Bright Light, Big Pretty: History and Elegance at Barbizon 63

Sleep with ghosts of Katharine Hepburn and Veronica Lake at the Barbizon

  • Two features stand out in unit 14B of the building formerly known as the Barbizon Hotel, at 63rd Street and Lexington.

    The first is the exquisite light. The modern but classically boned 3BR/3.5BA is surrounded by townhouses, so sight lines aren’t obstructed by a brick wall or an awkward view into a neighbor’s home.

    The second is the ceilings, which clock in at only 8 ½ feet high, by the broker’s measure. Proud moldings befitting loftier altitudes conspire to trick the eye along with floor-grazing chaises and tables—the handiwork of a deft stager. All the better to create the illusion of height in a 2,600-square-foot condo that practically weeps for a young family to come in and play after roughly six months on the market.

    And why not? Aren’t those 12-foot ceilings in vogue today just a bit drafty? The cozy proportions were just fine for the likes of young Katharine Hepburn, Bette Davis and Grace Kelly, all of whom roamed the Barbizon long before their rooms were sliced and diced into condos in 2005.

    Le Salon.

    Le Salon.

    The Barbizon was built in 1927 as a posh young maiden’s residence, particularly for young starlets like Veronica Lake and Ava Gardner. Their presence lives on in a photo gallery in the third-floor salon, a Deco-style array of common rooms that include a catering kitchen, 50-seat dining room and a screening room. While the building’s history feels most potent here, one does get a whiff of it here and there throughout the well-groomed halls, even if only 10 of former hotel dwellers still reside there, according to Alice Delman, who moved in in 1959.

    The sales price of unit 14B was recently reduced from $7.25 million to $6.98 million. The current owner is listed on Streeteasy as Robert Eide, who appears to be the former CEO of Aegis Capital. He paid $6.75 million for the place in 2013, but never really moved in, according to a source. Why not? It’s bright and modern without being antiseptic, and seasoned but not musty. Surely proximity to Bloomingdales and Barneys is a plus for someone with … capital?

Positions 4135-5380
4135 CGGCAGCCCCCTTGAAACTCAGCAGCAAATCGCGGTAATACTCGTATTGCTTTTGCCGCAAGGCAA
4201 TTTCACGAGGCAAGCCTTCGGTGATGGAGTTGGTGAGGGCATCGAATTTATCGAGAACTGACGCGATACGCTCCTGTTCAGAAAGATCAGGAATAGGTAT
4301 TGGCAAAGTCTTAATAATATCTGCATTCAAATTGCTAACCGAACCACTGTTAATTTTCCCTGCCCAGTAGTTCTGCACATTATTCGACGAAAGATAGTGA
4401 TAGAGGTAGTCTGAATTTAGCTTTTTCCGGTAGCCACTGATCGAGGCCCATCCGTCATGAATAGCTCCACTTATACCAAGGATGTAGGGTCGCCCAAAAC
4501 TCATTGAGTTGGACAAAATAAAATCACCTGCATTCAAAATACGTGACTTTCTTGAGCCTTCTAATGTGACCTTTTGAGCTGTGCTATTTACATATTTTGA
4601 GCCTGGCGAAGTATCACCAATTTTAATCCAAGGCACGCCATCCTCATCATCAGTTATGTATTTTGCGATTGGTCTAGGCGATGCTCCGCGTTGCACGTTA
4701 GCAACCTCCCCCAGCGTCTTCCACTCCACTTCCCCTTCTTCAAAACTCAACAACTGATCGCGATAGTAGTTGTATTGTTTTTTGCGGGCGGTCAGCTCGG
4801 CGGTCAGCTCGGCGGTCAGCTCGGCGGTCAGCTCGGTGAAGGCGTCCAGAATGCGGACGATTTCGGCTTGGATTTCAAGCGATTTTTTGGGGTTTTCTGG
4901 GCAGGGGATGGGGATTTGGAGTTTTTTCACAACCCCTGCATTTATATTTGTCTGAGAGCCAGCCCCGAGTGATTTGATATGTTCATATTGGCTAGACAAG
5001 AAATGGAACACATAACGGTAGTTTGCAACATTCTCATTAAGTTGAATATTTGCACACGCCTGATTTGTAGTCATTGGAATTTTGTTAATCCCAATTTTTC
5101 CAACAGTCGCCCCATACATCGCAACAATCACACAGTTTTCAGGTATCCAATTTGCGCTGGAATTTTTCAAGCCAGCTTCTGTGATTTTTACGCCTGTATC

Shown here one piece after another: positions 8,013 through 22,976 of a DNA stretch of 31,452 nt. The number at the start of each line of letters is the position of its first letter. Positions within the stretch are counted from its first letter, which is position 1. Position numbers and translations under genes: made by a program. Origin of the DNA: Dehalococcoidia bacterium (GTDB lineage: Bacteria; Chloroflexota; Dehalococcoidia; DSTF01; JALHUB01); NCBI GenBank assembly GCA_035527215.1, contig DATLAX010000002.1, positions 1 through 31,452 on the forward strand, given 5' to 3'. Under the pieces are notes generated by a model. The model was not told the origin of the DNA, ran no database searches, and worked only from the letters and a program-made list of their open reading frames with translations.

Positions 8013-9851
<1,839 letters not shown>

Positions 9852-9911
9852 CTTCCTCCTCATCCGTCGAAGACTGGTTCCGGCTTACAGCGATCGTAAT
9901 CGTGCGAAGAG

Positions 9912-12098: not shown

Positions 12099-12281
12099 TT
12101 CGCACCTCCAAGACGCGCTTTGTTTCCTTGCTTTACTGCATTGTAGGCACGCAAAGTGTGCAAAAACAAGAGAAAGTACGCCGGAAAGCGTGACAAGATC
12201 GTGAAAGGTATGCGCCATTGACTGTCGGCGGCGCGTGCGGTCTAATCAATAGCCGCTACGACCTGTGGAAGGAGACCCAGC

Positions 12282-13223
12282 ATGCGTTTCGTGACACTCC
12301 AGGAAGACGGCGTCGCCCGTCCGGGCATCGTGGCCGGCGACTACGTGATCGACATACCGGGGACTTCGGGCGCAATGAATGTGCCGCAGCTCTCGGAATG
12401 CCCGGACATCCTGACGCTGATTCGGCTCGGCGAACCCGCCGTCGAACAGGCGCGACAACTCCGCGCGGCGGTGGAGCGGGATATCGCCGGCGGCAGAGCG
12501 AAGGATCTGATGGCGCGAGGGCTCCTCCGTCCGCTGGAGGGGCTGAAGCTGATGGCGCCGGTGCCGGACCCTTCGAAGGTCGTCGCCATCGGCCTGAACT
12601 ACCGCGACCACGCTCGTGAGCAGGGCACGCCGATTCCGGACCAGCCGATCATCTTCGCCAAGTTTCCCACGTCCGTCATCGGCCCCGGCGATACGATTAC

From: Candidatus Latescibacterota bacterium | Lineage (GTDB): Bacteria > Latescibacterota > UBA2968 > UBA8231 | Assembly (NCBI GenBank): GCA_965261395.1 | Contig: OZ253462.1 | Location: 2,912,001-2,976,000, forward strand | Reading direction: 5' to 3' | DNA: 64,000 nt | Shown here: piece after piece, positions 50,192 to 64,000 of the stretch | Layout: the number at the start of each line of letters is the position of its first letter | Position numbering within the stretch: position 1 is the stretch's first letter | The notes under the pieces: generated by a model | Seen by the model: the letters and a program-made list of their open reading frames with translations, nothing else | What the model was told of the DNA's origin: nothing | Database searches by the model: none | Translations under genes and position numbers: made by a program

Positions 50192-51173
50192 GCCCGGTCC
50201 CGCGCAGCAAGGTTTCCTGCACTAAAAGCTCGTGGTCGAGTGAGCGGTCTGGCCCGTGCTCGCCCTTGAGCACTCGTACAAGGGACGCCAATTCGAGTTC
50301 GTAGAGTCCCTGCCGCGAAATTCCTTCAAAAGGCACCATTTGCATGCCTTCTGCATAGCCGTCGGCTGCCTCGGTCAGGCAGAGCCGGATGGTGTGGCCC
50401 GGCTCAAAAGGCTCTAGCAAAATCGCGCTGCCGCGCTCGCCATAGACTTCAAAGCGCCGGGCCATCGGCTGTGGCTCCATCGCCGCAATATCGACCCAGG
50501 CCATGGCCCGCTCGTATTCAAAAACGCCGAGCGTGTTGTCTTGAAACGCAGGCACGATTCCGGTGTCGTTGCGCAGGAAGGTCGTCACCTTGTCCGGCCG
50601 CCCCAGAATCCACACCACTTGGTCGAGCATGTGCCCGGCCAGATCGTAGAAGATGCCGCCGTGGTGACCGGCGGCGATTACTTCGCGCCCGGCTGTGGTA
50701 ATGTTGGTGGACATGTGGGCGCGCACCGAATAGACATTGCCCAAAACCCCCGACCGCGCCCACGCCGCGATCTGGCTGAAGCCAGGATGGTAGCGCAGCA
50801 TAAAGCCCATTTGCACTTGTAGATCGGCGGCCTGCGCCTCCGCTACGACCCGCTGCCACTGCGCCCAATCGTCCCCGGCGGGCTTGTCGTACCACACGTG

“If the ceilings were two feet higher, your work here would be done,” we said encouragingly to the broker, Douglas Elliman’s Jennine Gourin, who was clad in all white as if to help reflect even more light.

    “Then it would be a $10 million apartment,” she shot back.

  • Master Bedroom at 140 East 63rd. (Photographs by Aaron Adler/for the New York Observer)

  • Kids Room at 140 East 63rd. (Photographs by Aaron Adler/for the New York Observer)

  • Second Bedroom at 140 East 63rd. (Photographs by Aaron Adler/for the New York Observer)

  • Living room at 140 East 63rd. (Photographs by Aaron Adler/for the New York Observer)

  • Living room 140 East 63rd. (Photographs by Aaron Adler/for the New York Observer)

  • Living room at 140 East 63rd. (Photographs by Aaron Adler/for the New York Observer)

  • Dining room at 140 East 63rd. (Photographs by Aaron Adler/for the New York Observer)

  • 140 East 63rd. (Photographs by Aaron Adler/for the New York Observer)

  • Dining room at 140 East 63rd. (Photographs by Aaron Adler/for the New York Observer)

  • The Salon in 140 63rd st. (Photographs by Aaron Adler/for the New York Observer)

  • The front hallway at 140 East 63rd. (Photographs by Aaron Adler/for the New York Observer)

  • A portrait of Veronica Lake, who stayed in the hotel years ago.